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ADHD in Children Health Center

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When to Call the Doctor About ADHD

Where should I go for help if my teen has ADHD?

If your teen is unorganized, fails to pay attention to adults at home or at school, has difficulty with peers and other relationships, loses important items frequently, and is very active and impulsive, talk to your doctor about ADHD.

As teens enter puberty, many have problems with teachers or authority figures, peers, and parents. These problems often accompany poor academic performance. Sometimes, these problems subside as the teen's hormonal havoc calms down. Yet problems with inattention in the teen years may also be a sign of ADHD that was undiagnosed during childhood.

If your teen is inattentive and overly self-reliant, talk to your doctor. Ask your doctor to assess the teen for ADHD. If the teen has ADHD, your doctor can prescribe effective medication to help your teen self-manage ADHD symptoms and behaviors. If the teen does not have ADHD, you may want to start behavioral therapy to make sure the teen has the coping skills necessary to carry him or her through the erratic teen years and into adulthood.

I am an adult, and I think I have ADHD. What do I do?

If you have difficulty maintaining a job and relationships, lose things frequently, are easily distracted, and have problems with organizational skills and goal setting, talk with your doctor about ADHD.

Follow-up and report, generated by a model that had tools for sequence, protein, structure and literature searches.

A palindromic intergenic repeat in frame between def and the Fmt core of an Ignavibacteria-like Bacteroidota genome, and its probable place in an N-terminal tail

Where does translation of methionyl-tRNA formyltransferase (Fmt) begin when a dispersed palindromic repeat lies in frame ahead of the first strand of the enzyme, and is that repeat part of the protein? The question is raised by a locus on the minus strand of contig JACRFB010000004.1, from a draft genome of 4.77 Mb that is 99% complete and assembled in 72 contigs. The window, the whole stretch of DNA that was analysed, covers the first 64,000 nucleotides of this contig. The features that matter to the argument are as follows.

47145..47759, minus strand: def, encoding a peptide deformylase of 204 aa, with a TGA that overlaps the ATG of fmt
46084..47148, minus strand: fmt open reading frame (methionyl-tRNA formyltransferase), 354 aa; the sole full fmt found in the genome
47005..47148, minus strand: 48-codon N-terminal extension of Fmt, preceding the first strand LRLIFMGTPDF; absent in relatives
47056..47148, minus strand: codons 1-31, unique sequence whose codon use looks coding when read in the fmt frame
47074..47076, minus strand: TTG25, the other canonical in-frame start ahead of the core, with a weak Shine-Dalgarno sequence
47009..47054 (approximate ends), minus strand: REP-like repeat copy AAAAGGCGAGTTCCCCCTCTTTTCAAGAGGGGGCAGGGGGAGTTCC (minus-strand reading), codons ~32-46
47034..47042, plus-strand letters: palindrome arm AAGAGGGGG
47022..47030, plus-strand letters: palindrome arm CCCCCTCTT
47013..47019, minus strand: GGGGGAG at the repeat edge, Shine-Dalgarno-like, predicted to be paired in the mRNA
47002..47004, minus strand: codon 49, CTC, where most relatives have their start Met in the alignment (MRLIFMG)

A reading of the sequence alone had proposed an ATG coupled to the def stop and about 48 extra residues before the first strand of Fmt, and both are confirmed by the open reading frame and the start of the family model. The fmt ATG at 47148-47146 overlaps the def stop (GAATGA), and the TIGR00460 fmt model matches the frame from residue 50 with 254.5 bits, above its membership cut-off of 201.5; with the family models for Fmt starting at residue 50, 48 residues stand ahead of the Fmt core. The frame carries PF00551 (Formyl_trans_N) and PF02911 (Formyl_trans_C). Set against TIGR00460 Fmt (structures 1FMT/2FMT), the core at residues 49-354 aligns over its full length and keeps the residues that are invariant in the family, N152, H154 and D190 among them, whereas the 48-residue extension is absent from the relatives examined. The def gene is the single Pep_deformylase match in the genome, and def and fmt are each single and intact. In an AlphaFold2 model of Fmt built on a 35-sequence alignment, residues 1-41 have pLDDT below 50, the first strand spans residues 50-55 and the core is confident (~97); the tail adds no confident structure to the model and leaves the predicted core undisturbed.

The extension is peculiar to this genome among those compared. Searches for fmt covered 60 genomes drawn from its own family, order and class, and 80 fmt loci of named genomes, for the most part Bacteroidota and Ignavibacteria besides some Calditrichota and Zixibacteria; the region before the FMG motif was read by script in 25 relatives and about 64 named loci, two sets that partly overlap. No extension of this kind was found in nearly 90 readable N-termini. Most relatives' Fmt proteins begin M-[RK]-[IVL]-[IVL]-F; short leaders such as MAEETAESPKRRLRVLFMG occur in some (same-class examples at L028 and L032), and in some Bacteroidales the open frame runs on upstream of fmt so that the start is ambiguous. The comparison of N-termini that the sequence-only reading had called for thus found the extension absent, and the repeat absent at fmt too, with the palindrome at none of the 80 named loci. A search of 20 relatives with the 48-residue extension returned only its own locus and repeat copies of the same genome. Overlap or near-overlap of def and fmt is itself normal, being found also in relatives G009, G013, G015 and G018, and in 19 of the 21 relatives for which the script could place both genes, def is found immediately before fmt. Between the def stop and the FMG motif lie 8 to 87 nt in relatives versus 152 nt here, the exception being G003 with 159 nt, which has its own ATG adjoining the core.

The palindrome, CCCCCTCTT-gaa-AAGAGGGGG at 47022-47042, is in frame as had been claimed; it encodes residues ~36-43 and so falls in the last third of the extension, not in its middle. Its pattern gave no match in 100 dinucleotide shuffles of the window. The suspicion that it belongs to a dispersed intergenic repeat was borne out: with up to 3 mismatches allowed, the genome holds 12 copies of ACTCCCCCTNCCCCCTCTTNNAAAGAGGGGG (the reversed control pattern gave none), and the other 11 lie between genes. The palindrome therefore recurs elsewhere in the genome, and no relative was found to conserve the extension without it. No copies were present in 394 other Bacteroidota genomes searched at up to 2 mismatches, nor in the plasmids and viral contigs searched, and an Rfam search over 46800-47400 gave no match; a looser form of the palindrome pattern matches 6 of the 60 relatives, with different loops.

Experts say the incidence of ADHD in children is between 3% and 12% of the population. A large proportion of these individuals may carry symptoms of ADHD into adolescence and adulthood.

Many adults are diagnosed with ADHD only after they seek help for another problem, such as anxiety, depression, or difficulty functioning at work or school. An adult ADHD diagnosis involves physical and medical exams.

With adult ADHD, the doctor may ask for observations by you, your relatives, and your close friends. In addition, childhood onset of ADHD symptoms will have to be documented. Like children, an adult with ADHD may receive help from professionals offering ADHD medications and behavioral therapy.

ADHD is recognized as a disability under the Americans with Disabilities Act. Employees and students are protected under these guidelines and their work or learning environment can be adjusted to support their needs.

Accommodations at the workplace may be necessary to reduce distraction or assist with organization and improve overall functioning.

WebMD Medical Reference

Reviewed by Smitha Bhandari, MD on November 18, 2014
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